[11:52] Pele Bennett: So since you spent a lot of time in and out of the prison system, what do you think that people should know about the prison system and the criminal justice system?
[11:59] Rick Ross: Well, one thing, our prison system is broke. You know, there is no rehabilitation. It’s really just warehousing, where they take you in, they put you on a steel bunk, and it has a two-inch mattress. You have a steel toilet and a sink. And you sit there for 20 years, you know? And you get to watch TV and play cards. And then in 20 years, you wake up and they tell you that you got to go. You’re worse off than you were when you got there. You know, you haven’t learned anything new. And you’re really worse off in 20 years because so many things on the street has changed, and you haven’t prepared yourself. You haven’t grew with society.
[12:41] Michael Bennett: So Hollywood — like, you’ve had so many battles, would try to recover your story. At the end of the day, you paid the price for your story and the things that you been through. And it seems like a lot of people are trying to live off that glory of the things that you did, but they don’t want to pay the consequences that you had. But they seem to want to make a lot of money.
[12:57] Pele Bennett: But you think about people that listen to Rick Ross? They only know that Rick Ross.
[13:01] Michael Bennett: Yeah, but he literally just stole this man’s story.
[13:05] Rick Ross: They like listening to lies. If you like people lying to you, then listen to Rick Ross, because everything he’s saying is a lie.
[13:13] Pele Bennett: Wait. So you don’t listen to his music at all?
[13:15] Rick Ross: Oh, no. I mean, at one time you couldn’t not hear his music on the radio. He was the hottest thing on air.
[13:23] Michael Bennett: So, you know, Ronald Reagan and the Contras and all this stuff, is that really some validity to that, that the whole thing? that they was pushing the drugs? Because, you know, that’s what they say on Snowfall is that they did.
[13:37] Rick Ross: Well, see, they did. There’s some truth in there. Let me clarify that I’m not saying that the whole story is total lies. But what they did is because they had to adopt a story in a way that I wouldn’t be able to sue them. So what they did is they take bits and pieces. They say, “oh, see, this ain’t really your story.” You know, like John Singleton was talking about how it was one of his cousins that nobody ever heard of who did all this. And I’m like, come on, man, ain’t only one person had been accused of being connected to the CIA and Ronald Reagan and George Bush in the history of this country. And it’s well documented who that story belongs to, you know. But once you’re convicted of a felony, you know, you don’t have all your rights.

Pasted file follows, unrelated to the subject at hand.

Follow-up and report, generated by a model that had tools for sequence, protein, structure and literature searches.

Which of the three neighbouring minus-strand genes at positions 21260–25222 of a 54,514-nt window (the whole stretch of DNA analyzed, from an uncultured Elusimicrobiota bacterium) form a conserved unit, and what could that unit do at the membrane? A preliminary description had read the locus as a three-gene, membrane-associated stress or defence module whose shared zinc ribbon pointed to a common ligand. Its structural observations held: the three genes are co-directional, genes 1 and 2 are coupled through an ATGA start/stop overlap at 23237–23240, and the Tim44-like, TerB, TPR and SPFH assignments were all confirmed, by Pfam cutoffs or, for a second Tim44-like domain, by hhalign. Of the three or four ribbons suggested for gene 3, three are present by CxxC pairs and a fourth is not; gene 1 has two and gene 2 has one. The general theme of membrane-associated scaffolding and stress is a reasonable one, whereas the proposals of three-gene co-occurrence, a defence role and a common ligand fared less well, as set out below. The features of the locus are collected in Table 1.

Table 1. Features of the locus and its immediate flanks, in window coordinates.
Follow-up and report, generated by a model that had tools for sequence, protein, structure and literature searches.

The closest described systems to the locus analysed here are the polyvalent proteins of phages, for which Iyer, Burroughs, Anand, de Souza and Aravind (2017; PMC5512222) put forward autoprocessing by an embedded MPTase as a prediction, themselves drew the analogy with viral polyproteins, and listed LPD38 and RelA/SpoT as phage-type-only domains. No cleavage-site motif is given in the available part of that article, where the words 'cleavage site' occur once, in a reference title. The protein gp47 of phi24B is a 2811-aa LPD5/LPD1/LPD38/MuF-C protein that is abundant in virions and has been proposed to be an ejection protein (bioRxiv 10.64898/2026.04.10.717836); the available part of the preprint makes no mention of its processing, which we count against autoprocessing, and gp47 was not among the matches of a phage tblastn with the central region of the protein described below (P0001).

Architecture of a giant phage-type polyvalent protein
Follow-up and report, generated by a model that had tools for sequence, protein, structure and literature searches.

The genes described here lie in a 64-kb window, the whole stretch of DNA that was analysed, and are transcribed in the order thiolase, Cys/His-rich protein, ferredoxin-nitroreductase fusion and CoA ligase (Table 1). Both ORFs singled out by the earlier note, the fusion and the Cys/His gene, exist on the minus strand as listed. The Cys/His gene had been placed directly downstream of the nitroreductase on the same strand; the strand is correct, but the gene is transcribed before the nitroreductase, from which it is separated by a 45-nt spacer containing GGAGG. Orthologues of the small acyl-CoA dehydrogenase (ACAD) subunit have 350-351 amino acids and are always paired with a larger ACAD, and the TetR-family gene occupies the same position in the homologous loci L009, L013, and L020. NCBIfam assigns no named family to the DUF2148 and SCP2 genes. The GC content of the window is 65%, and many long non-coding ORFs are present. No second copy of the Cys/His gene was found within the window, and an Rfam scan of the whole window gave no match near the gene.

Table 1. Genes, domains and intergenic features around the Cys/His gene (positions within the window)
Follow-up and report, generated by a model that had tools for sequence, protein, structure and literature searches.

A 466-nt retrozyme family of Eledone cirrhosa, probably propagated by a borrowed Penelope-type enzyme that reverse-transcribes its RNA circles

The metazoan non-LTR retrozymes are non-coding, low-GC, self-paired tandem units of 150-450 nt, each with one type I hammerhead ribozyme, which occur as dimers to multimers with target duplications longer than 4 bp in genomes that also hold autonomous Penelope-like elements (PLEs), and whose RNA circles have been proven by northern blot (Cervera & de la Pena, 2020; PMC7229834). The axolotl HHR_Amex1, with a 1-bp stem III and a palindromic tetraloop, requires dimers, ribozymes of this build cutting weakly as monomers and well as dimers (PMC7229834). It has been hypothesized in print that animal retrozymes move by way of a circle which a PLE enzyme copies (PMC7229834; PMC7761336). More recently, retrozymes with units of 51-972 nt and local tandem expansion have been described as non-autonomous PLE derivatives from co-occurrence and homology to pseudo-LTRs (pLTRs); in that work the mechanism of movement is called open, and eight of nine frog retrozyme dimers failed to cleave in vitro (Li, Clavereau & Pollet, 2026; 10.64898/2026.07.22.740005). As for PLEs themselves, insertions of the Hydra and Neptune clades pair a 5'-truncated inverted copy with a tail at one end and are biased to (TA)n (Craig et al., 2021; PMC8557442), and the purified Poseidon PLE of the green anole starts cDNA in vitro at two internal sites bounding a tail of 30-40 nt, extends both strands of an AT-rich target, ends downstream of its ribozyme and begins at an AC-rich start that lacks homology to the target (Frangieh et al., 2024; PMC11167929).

[14:32] Michael Bennett: So all this stuff is indirectly connected, or was it connected directly, with the Contras and stuff? It almost feels that like a black people just feel like it’s always been like that with them, with the government keeping them down in some type of way. Whether it’s slavery or the war on drugs, just seems like there’s a lot of that going on.
[14:50] Rick Ross: Well, you know, our leaders have said for the longest Malcolm X and so many others, have said that they believed that the government was the one bringing drugs into our communities all the time. It was only when Gary Webb in the San Jose Mercury News was able to make the link between Danilo Blandón and myself. Now, I was still a young dude. Plus, I was young and dumb, you know, not just young, but dumb. I knew how to flip a $50 rock into a kilo, and a kilo into 100, I could do that. That wasn’t ard to do. But when you talk about knowing about politics, I’d heard of Ronald Reagan, but I didn’t know anything about Ronald Reagan’s policies. I knew nothing about the Contras. I knew nothing about the Sandinistas. Only thing I knew is that my family was hungry and I was trying to get some money for them. It was only when Gary Webb came to my cell when I was in San Diego and started to do his investigation and explain to me — and Danilo Blandón was my drug connection and he was also my my informant.
[16:01] Michael Bennett: Gary Webb, he ended up dying, right?